Speaking for myself the symptoms aren't always the same and are in some cases easy to ignore or not notice, sometimes my vision goes blurry, sometimes my heart rate increases, sometimes I lose my motor skills, sometimes I feel twitching in some muscles. Before I got my Libre, I would regularly ignore some of those things and every now and then just not function well until I inevitably had something to eat or drink and in some rare occasions actually enter a kind of dream-like state not being able to think straight.
     
    • Hug Hug x 1
  4. badmedisin

    badmedisin · Well-Known Member

    Messages:
    247
    Likes Received:
    10
    Trophy Points:
    38
    That just happens sometimes. I tend to get a bit daft if I go below 5, but shortly after I discovered Candy Crush (evil time-vampire...) I was playing it on the bus, and felt nothing til I got off the bus and felt a bit shaky. Tested and my BG was 1.9. I had no idea my meter could measure that low! Of course once I knew I was hypo I started to feel it in a big way, I'm sure it has psychosomatic elements.
    But try not to worry too much, hypo symptoms change all the time and sometimes you'll miss one - that's why we have BG meters ;)
     
    • Hug Hug x 1
  5. Fatima_94

    Fatima_94 Type 1 · Member

    Messages:
    18
    Likes Received:
    12
    Trophy Points:
    23
    Very reassuring to know that the body can be retrained :)

    This is definitely true for me too, so I guess I shouldn't panic too much unless it becomes a regular thing. Totally relate to the dream-like state feeling too!!

    ahh that kind of shock low has happened to me a few times! you're totally right, its bound to happen sometimes
     
  6. Celsus

    Celsus Type 1 · Well-Known Member

    Messages:
    483
    Likes Received:
    401
    Trophy Points:
    103
    If a T1 goes gently low, aka by sitting down/sleeping, then many will not feel bad until having to move/get up. You typically actually don't feel bad until the point where you own body starts to counter react by releasing endorphins, glucose dump, etc and the bg is already on its way back up.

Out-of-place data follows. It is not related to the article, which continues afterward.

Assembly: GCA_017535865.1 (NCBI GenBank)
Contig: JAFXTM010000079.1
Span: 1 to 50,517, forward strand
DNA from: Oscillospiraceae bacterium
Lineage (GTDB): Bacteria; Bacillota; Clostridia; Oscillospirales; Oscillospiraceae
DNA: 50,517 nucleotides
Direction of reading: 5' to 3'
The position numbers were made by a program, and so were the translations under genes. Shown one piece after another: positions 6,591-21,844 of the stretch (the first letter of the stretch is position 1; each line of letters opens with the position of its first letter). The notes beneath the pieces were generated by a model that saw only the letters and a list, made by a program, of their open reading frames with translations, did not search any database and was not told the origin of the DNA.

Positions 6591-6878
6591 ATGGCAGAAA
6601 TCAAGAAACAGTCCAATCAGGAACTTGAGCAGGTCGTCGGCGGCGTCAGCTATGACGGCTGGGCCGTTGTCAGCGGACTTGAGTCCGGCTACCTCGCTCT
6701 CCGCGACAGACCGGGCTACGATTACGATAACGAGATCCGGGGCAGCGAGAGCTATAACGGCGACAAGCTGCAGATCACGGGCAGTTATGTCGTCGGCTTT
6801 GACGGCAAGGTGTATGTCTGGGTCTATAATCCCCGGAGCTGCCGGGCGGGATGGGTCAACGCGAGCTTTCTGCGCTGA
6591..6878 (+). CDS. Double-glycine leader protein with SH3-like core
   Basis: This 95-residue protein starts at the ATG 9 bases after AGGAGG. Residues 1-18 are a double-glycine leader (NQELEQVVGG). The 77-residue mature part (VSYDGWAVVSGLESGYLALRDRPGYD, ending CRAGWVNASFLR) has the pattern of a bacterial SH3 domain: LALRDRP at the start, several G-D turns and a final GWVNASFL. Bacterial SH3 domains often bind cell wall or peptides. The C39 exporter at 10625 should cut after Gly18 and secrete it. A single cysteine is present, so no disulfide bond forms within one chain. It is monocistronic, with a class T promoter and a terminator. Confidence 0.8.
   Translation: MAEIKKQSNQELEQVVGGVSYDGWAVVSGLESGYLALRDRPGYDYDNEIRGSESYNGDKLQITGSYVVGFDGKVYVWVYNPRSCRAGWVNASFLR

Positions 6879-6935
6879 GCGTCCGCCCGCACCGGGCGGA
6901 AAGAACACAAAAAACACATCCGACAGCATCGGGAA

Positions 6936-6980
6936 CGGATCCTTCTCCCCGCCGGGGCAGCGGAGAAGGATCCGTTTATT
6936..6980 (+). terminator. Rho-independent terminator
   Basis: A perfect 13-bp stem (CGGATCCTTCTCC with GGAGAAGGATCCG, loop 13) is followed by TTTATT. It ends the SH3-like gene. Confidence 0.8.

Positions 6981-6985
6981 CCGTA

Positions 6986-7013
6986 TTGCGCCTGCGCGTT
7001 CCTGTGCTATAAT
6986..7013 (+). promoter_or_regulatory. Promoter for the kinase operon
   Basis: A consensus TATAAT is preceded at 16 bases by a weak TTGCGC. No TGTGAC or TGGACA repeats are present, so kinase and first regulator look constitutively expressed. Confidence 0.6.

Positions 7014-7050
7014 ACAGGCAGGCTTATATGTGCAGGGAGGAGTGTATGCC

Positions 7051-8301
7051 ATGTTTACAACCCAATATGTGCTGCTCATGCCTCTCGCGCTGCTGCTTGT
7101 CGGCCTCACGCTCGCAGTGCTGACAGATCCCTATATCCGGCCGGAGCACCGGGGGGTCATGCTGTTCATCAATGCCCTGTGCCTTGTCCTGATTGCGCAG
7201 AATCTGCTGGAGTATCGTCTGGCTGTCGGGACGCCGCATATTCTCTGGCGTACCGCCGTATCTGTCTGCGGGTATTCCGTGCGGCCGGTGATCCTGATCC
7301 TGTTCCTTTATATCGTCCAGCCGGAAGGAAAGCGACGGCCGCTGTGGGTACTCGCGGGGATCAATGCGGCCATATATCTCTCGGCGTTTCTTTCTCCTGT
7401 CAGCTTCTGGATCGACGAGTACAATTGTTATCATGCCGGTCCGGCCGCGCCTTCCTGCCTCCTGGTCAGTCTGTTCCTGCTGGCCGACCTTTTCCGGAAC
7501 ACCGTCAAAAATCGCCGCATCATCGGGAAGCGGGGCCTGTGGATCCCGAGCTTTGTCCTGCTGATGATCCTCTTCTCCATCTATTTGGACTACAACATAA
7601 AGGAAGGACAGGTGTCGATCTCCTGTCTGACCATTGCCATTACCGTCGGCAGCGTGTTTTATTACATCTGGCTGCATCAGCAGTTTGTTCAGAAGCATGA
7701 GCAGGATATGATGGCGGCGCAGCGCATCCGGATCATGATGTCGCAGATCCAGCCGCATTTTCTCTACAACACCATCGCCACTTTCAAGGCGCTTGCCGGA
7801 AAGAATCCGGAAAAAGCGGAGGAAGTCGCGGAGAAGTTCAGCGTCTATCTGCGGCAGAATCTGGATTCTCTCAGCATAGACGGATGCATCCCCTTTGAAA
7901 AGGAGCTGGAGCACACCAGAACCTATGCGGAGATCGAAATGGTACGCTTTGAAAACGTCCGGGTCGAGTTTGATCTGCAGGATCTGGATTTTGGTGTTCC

And by remaining in a quiet non-active state you can actually go pretty low without necessarily feeling bad at all.
    Its not a competition or anything to be proud of, but I am sure we collectively on this forum could quote some pretty scary low bg numbers that we have gone through over the years. :wacky:

    All while we at the same time can feel really bad and go through the full rough 'hypo fever' despite at times not dropping further than down to e.g. 3 mmol/L. It typically all depends on your journey getting there!
    A vertical drop from 12 to 3 in a short timeframe due to a fast acting insulin will often feel much worse and give all the hypo symptoms, while a slow drop from 4 to 2 over a period of hours due to too much basal insulin might not be apparent to you at all, if sitting e.g. reading a book the whole afternoon in a comfy chair.
     
    • Like Like x 1
    • Agree Agree x 1
    #6 Celsus, Mar 16, 2018 at 11:21 AM
    Last edited: Mar 16, 2018
  • Meet the Community

    Find support, connect with others, ask questions and share your experiences with people with diabetes, their carers and family.

    Did you know: 7 out of 10 people improve their understanding of diabetes within 6 months of being a Diabetes Forum member. Get the Diabetes Forum App and stay connected on iOS and Android

    Grab the app!
  • Tweet with us

  • Like us on Facebook